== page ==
New Neighbors to Millions of Americans: Fracking Wells
New analysis reveals over 15 million homeowners now have a fracking well in their 'backyard'
Over 15 million homeowners have a natural gas or oil well within a mile of their home—according to a Wall Street Journal analysis published Saturday—thanks to the fracking gold rush that has pushed the fossil fuel industry into Americans' backyards.
"At least 15.3 million Americans live within a mile of a well that has been drilled since 2000," said the WSJ analysis, which looked at well location and population data for more than 700 counties in 11 major energy-producing states. "That is more people than live in Michigan or New York City."
The story credits the toxic process of hydraulic fracturing, or fracking, for spurring the expansion of the fossil fuel industry into the small towns and neighborhoods over the Niobrara Shale in Colorado, the Marcellus Shale in Pennsylvania and the Barnett Shale in Texas, among others.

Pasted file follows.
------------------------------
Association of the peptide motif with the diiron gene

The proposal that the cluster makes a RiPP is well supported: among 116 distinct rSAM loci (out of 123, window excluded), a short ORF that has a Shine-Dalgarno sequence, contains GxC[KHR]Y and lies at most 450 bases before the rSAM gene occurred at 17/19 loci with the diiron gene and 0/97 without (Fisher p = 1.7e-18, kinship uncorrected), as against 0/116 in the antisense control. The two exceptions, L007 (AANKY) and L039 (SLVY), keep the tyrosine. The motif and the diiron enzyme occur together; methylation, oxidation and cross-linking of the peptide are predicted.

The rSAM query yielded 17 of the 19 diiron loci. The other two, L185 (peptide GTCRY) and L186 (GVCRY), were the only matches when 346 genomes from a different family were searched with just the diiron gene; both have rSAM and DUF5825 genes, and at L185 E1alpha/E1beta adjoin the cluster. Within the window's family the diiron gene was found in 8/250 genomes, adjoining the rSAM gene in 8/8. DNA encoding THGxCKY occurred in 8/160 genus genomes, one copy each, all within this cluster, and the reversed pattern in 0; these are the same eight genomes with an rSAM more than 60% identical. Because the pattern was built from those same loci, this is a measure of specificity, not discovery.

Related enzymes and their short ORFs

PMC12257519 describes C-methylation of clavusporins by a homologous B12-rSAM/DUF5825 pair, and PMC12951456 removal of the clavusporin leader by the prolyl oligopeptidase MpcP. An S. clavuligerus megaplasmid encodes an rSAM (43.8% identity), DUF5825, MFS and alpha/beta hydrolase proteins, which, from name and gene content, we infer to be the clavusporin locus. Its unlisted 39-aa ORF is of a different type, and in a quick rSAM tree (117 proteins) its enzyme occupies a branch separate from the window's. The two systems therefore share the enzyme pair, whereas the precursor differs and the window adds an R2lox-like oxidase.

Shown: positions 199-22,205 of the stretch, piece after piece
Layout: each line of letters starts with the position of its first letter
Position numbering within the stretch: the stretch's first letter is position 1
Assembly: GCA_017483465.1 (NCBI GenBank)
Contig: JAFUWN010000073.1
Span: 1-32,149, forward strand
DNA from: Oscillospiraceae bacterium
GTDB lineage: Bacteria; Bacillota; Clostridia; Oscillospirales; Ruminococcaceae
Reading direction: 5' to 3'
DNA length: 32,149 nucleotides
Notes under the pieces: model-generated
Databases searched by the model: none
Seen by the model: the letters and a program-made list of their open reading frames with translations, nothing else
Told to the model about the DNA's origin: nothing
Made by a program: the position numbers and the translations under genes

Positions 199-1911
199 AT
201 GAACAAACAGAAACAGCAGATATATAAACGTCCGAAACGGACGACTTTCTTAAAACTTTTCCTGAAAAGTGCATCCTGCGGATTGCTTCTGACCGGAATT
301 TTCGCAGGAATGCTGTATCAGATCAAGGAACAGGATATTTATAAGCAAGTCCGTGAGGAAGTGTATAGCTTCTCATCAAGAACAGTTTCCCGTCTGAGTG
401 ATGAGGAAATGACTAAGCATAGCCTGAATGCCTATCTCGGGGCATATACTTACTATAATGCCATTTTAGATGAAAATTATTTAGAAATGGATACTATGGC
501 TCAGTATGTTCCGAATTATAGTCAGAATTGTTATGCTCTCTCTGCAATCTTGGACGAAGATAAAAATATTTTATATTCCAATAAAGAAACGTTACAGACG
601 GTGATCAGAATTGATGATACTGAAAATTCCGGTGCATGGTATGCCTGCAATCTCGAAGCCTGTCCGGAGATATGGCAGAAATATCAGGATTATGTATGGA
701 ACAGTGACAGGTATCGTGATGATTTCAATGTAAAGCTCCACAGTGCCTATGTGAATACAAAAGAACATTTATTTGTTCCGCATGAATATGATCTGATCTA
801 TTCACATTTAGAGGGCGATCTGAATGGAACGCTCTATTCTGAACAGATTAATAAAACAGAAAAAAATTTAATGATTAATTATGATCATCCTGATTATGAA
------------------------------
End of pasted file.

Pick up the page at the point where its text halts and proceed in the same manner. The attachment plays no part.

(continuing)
"The change can be dramatic," the WSJ writes.
In Johnson County, Texas, in 2000, there were fewer than 20 oil and gas wells. Only a fraction of the residents of this mostly suburban county, south of Fort Worth, lived anywhere near a well or could tell you where to find one.
Today, more than 3,900 wells dot the county and some 99.5% of its 150,000 residents live within a mile of a well. Similar transformations took place in parts of Pennsylvania, Colorado and Wyoming, according to Journal data.
According to DrillingInfo, a data provider to the oil industry, in 2010 some 23 counties, with more than four million residents, each had more than three new wells per square mile.
The WSJ quotes a number of homeowners who have either permitted by lease onto their own property or watched the oil industry move in to adjacent land. Describing the new wells as little more than an "irritation" focusing particularly on the noise and "influx of truck traffic," the report fails to emphasize the long-term impact of these new neighbors.
Documented in environmental journals and films such as director Josh Fox's Gasland and Gasland Part II, communities which have already been ravaged by the fracking boom report widespread water contamination—resulting in sickness, dead livestock and flammable tap water.
In late July, environmental groups uncovered a leaked EPA report that said fracking caused methane to leak into drinking-water aquifers in Dimock, Penn. Dimock, which is featured in Gasland, has become the exemplar of a community casualty of the toxic fracking boom.